Not necessarily. Israel, for example, has the world’s highest rate of virgin birth.

  11. Why would a doctor have to inform his patient about abortion? Is there really anybody who doesn’t know about abortion already?

    This whole issue is just stupid. I have never been to a doctor who presented me with a set of options. 90% of the time, they just give you a prescription for the drug you want, and 10% of the time they present you with one option. That’s the way the real world works.

  12. By the same token, maybe the abortion doctor has a moral duty to inform her patient about the moral considerations and potential mental health implications that the patient might not have thought of on her own.

    In the case of late term abortions, preferably with photos.

    Public policy can be a 2 way street, joey bee.

  13. 1. You shouldn’t need government permission to practice medicine. (Come on libertarians, this is basic dogma).
    2. Given #1, Singleton is right – WalMart isn’t expected to tell customers about Target. Go to the doctor you want. Some will advertise “We tell you all the options”. If they fail to do so, you have a contract claim.
    3. Licensing a profession and then expecting them to act “ethically” is retarded. (My CA bar number is 100017)

  14. David,

    The doctor can only impose their conscience on this patient, i.e. keep them from recieving their desired “treatment”, if the patient is forced into some conctractual exclusivity with this particular doctor.

    The patient is free to shop elsewhere and the doctor would violate their moral conscience in facilitating “treatment” they consider unethical.

    Presumably, in a diversified and dynamic medical market, this information would be quite known. Few patients looking for these “treatments” would go to doctors knowlingly opposed to the procedure; doctors are very specialized. Likewise, general insurance plans will have doctors able and willing to give the broadest range of treatments to satisfy their customer base.

    Lastly, most referrals aren’t given by doctors, at least initially. They’re given by friends, business plans, insurance companies and the like, matching specific treatments to specific patient needs prior to the office visit.

    This dilemma is easily solvable without forcing a doctor to do something they are morally opposed to.

  15. Dave W.,

    What’s an “abortion doctor?” I never see the term “listening to your heart with a stethescope doctor” or “write a prescription for Flomax doctor.”

    Anyway your analogy is a bit off. The equivalent wouldn’t be informing the patient who requests an abortion of the alleged consequences. The flip side would be for a doctor who is willing to perform an abortion but who doesn’t believe in pre-natal care (hey, man, you started this thought experiment) to tell his patient that there are doctors our there who provide pre-natal care.

  16. Similarly, it is important for the medical profession to be a sphere in which doctors prioritize their patients’ autonomy over their own preferences, however deeply held.

    So, tying this back to an earlier thread, all doctors would be forced to amputate Susan Smith’s healthy legs?

  17. What’s an “abortion doctor?”

    A doctor who presents the range of medical options to her patients in such a way that abortion is effectively encouraged as the preferred alternative.

  18. Joe, I respect you and all, but “…when you choose to become a physician, like when you choose to become a Marine, you are agreeing to certain restrictions on your autonomy, restrictions that exist for the purpose of furthering important public policy objectives.” is truly apples and oranges. You are apparently unaware of the differences bewteen Hippocratic Oath and the swearing-in ceremony of the USMC where new recruits become the literal property of the US gov’t. Or are you just playing stupid to score rhetorical points?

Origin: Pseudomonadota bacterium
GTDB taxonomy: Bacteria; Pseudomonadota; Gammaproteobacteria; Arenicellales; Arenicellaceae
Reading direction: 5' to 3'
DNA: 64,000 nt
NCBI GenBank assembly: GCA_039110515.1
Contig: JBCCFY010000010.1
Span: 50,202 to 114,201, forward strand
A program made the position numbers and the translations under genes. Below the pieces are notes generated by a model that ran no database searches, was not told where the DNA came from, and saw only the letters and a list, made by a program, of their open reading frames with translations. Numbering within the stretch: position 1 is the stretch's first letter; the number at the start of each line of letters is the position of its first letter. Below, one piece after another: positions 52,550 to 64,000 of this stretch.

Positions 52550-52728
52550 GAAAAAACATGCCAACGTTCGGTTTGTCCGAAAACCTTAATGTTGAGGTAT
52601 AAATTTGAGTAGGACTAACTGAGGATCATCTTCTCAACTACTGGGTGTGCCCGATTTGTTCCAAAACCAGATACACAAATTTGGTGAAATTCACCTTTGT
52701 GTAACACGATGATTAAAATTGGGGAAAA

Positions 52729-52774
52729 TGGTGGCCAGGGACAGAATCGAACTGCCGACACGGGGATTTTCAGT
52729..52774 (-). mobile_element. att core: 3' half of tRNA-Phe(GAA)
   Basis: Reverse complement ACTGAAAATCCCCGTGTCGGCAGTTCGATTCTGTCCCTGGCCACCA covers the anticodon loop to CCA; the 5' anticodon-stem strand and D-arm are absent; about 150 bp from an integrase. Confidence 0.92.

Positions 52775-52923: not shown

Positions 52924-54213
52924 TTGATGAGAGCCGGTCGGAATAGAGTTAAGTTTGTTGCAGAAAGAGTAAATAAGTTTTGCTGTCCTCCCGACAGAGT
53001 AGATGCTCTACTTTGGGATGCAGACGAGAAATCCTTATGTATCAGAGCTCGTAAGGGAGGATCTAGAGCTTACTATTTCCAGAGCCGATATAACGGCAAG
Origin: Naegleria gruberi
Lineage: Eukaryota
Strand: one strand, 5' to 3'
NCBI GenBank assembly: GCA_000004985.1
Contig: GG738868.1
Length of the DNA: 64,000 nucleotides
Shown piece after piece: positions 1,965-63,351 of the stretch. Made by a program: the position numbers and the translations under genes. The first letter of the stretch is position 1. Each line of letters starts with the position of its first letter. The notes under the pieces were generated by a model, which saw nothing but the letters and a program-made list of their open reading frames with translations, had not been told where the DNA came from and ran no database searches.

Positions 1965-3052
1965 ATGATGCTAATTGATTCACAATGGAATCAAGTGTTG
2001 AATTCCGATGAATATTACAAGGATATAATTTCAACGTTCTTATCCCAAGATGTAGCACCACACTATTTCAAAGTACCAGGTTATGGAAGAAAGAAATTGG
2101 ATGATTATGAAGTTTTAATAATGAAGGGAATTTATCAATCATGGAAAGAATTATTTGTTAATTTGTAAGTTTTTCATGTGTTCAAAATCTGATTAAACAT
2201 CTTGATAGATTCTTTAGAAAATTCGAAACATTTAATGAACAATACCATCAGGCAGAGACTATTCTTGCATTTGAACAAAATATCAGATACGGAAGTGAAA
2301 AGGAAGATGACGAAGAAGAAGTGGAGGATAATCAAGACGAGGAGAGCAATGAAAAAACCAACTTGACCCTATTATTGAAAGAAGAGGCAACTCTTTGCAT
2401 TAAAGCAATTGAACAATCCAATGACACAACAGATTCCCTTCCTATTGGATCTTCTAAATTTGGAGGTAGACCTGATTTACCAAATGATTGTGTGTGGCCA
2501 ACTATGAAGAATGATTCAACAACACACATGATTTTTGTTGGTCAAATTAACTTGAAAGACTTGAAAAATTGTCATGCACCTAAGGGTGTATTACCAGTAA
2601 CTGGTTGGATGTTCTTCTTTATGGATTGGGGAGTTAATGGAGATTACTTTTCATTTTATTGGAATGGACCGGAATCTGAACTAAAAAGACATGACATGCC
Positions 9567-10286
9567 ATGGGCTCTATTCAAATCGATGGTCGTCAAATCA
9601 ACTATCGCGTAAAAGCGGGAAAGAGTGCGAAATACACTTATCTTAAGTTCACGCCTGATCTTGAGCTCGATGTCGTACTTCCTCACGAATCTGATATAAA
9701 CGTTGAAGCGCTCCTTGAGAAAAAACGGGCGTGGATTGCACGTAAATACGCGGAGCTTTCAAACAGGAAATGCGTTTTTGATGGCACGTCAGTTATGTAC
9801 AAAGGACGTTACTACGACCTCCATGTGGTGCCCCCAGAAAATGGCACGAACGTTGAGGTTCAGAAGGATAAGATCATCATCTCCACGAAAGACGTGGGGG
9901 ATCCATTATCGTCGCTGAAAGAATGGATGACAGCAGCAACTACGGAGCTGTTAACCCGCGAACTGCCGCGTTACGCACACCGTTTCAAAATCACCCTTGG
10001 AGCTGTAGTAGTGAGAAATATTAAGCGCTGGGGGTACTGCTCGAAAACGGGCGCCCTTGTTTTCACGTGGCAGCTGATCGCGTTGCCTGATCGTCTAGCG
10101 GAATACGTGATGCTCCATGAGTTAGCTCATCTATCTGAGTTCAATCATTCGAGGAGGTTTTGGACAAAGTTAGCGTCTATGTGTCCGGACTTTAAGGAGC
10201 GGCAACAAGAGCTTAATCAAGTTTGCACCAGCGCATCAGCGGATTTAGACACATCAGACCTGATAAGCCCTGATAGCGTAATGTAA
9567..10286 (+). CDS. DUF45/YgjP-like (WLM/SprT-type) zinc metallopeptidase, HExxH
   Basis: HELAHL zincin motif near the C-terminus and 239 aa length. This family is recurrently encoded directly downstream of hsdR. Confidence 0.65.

19. The doctor can only impose their conscience on this patient, i.e. keep them from recieving their desired “treatment”, if the patient is forced into some conctractual exclusivity with this particular doctor.

    The patient is free to shop elsewhere and the doctor would violate their moral conscience in facilitating “treatment” they consider unethical.

    But if the doctor was withholding treatment options, how would the patient know? I’m not sure I want to “shop around” every time I have a health problem to make sure all possible treatments have been considered.

    Joe is basically correct here. Physicians have a duty to the public to put their well-being of their patients ahead of their own moral sensibilities.

  20. Ideally, doctor’s wouldn’t need liscences and patient choice would fix this. Since doctors enjoy a government enforced cartel, I’m OK with calling it malpractice if a doctor doesn’t mention all the options or at least refer a patient to someone who will. Some doctors are even worse, they’ll neglect to mention side effects when the patients ask, because they want the patient to choose a drug.

  21. I am absolutely fine with doctors withholding information on moral grounds, providing they make their policy on this matter quite clear to prospective patients. This prospective patient would then make the informed decision to consult with a different doctor.

  22. Anvilwyrm,

    “So, tying this back to an earlier thread, all doctors would be forced to amputate Susan Smith’s healthy legs?”

    Good question. How about I replace “autonomy” with “interests,” and stipulate that autonomy should be presumed to be the most important interest, to be over-ridden only in extreme circumstances. Further, deciding whether these circumstances apply needs to done at a higher level than the individual doctor.

    Lurker Jack,

    I don’t think you know what the word “literal” means. Marines are not the property of the government – they are agents of the government who are bound to follow its direction, just as physicians are agents of the medical profession.

  23. I don’t see an easy answer here.

    I do. Don’t become a doctor, or don’t go into a field where you’re going to be faced to make a moral decision like this. Don’t be a pharmacist if you have a moral opposition to prescribing drugs.